Is Elon Musk the Reason Warren Buffett Sold Stock?

Is Elon Musk the Reason Warren Buffett Sold Stock?

Elon Musk and Warren Buffett

  • Berkshire Hathaway sold nearly half of its stake in GM this spring.
  • Tesla has been waging a price war in the electric vehicle industry, and it could intensify.
  • GM’s stock looks dirt cheap, and its profits have been strong, but the quarterly results it’s due to release on Tuesday will provide a key update.

Berkshire Hathaway’s chief has no interest in competing with Tesla’s boss.

However, the two have dramatically different approaches to business. Buffett favors timeless business models and companies with wide economic moats. He loves the insurance industry. For example, Berkshire owns GEICO and a number of other insurance companies, and he favors big-brand stocks like Apple and Coca-Cola.

Elon Musk, on the other hand, sees innovation as the major point of differentiation in business, and is a big-thinking visionary with dreams of colonizing Mars and embedding microchips in people’s brains. Musk even took a swipe at the concept of economic moats once, saying back in 2018, “Moats are lame.”

“If your only defense against invading armies is a moat,” he elaborated, “you will not last long. What matters is the pace of innovation — that is the fundamental determinant of competitiveness.”

These two captains of industry have traded barbs in the media over the years, but seemed to have developed a mutual respect, as Buffett praised Musk at Berkshire’s shareholder meeting earlier this year.

One comment, in particular, stands out, and could inform Berkshire’s trading activity. “We don’t want to compete with Elon in a lot of things,” Buffett said, a reference to Musk’s dedication to innovation and his ability to sometimes do what had previously appeared impossible.

Perhaps, it was not a coincidence then that Berkshire sold 45% of its stake in General Motors (GM 1.12%) in the second quarter, the same period when Buffett made the remarks about not wanting to compete with Tesla. The electric vehicle (EV) leader’s most recent report could give more credence to that theory.

Tesla’s price war

Tesla has lowered prices on its vehicles several times over the past year as Musk seems focused on gaining market share and winning the EV market by being the lowest-cost provider.

On last week’s earnings call, Musk emphasized how crucial it was for the company to be competitive on price, blaming interest rates in part for putting pressure on car buyers and saying that was partly why it lowered prices. Management also said it was focused on “growing volumes in a very cost-efficient manner.”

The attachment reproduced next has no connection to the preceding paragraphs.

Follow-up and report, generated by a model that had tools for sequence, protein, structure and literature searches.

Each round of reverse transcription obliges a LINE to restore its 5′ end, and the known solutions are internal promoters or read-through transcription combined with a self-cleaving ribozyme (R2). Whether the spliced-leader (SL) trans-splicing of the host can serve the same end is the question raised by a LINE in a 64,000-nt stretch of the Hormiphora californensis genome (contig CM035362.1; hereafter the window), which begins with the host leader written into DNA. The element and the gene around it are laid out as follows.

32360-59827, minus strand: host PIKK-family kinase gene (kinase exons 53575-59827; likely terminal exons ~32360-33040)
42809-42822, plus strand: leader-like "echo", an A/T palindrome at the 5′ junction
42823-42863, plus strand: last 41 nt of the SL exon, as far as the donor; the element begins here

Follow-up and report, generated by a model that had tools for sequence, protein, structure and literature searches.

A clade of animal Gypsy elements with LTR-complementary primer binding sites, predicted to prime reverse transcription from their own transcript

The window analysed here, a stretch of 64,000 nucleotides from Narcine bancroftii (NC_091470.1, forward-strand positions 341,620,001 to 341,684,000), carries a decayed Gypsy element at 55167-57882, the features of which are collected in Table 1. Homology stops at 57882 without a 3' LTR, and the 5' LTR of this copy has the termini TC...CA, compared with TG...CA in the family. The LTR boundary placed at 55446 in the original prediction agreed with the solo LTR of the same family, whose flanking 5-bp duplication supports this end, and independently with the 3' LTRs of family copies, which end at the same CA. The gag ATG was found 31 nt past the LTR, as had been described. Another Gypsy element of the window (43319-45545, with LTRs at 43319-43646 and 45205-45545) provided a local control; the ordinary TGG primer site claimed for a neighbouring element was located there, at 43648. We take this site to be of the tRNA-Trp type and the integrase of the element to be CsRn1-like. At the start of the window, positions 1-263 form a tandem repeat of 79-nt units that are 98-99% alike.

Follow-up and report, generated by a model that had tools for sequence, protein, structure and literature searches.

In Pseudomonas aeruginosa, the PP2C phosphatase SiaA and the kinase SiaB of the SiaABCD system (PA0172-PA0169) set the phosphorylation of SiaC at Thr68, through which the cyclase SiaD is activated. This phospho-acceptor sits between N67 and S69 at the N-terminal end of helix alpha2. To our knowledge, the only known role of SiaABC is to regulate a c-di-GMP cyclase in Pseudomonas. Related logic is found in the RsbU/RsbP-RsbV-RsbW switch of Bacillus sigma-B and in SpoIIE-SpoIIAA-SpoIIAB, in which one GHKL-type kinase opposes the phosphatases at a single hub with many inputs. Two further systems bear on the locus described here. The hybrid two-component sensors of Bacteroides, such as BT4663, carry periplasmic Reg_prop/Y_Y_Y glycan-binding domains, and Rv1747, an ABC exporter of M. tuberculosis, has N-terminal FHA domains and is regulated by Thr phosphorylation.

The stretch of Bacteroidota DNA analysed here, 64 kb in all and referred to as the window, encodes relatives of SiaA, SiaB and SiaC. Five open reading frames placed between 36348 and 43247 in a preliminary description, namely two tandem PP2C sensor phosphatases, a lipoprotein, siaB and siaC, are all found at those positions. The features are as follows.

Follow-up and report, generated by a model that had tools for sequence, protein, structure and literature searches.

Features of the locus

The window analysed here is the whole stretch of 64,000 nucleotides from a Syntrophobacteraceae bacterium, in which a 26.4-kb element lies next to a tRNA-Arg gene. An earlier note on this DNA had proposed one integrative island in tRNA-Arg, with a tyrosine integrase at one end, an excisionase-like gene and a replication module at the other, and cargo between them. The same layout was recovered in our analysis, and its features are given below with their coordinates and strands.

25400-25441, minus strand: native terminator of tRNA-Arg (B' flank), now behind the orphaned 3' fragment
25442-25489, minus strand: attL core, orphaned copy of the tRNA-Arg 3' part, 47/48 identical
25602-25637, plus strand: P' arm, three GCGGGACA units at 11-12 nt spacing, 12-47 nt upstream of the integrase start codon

Musk argued that car buyers are highly price-sensitive, saying that no one would buy a Toyota RAV4 if the compact SUV cost the same as a Tesla.

Earlier this year, the Tesla chief argued that his company could sell its cars at cost and make profits on the software and services it sells the owners, such as full self-driving capabilities. That vision might seem farfetched, but the company’s operating margin has significantly eroded this year, which seems at least partly by choice as it has aggressively lowered prices.

What all this means for GM stock

It’s unclear if Musk’s tactics are the reason Berkshire Hathaway sold nearly half its stake in GM this spring. The conglomerate has owned GM shares for more than a decade, and the stock has been a consistent laggard, which could also be the explanation.

However, GM stock is now dirt cheap despite the company’s solid execution, sizable profit margins, and emerging strength in electric vehicles and autonomous vehicles through its Cruise subsidiary.

Competition from Tesla might be one reason why General Motors is trading at a price-to-earnings ratio of just 4, with its share price hovering above a 52-week low. The United Auto Workers strike is likely weighing on its valuation as well.

Musk may be a fierce competitor, but there isn’t much evidence that Tesla is having a direct impact on the results of automakers like GM. In its second quarter, GM raised its full-year net income guidance to a range of $9.7 billion to $10.3 billion, and reported a 28% jump in adjusted earnings per share, in part related to the fact that it was lapping a prior-year period when its production was hindered by chip shortages.

In the third quarter, vehicle deliveries in the U.S. rose 21% to 674,336; we’ll get the dollar figures in the full earnings report on Tuesday morning. Investors should be on the lookout for any signs in that report that the EV price war is having an impact on GM. In mid-November, when its 13F comes out, we’ll learn if Berkshire has dumped any more of its GM stake.

For now, the stock looks like a steal at a dirt cheap price-to-earnings ratio of 4, even with the disruptions from the UAW strike.

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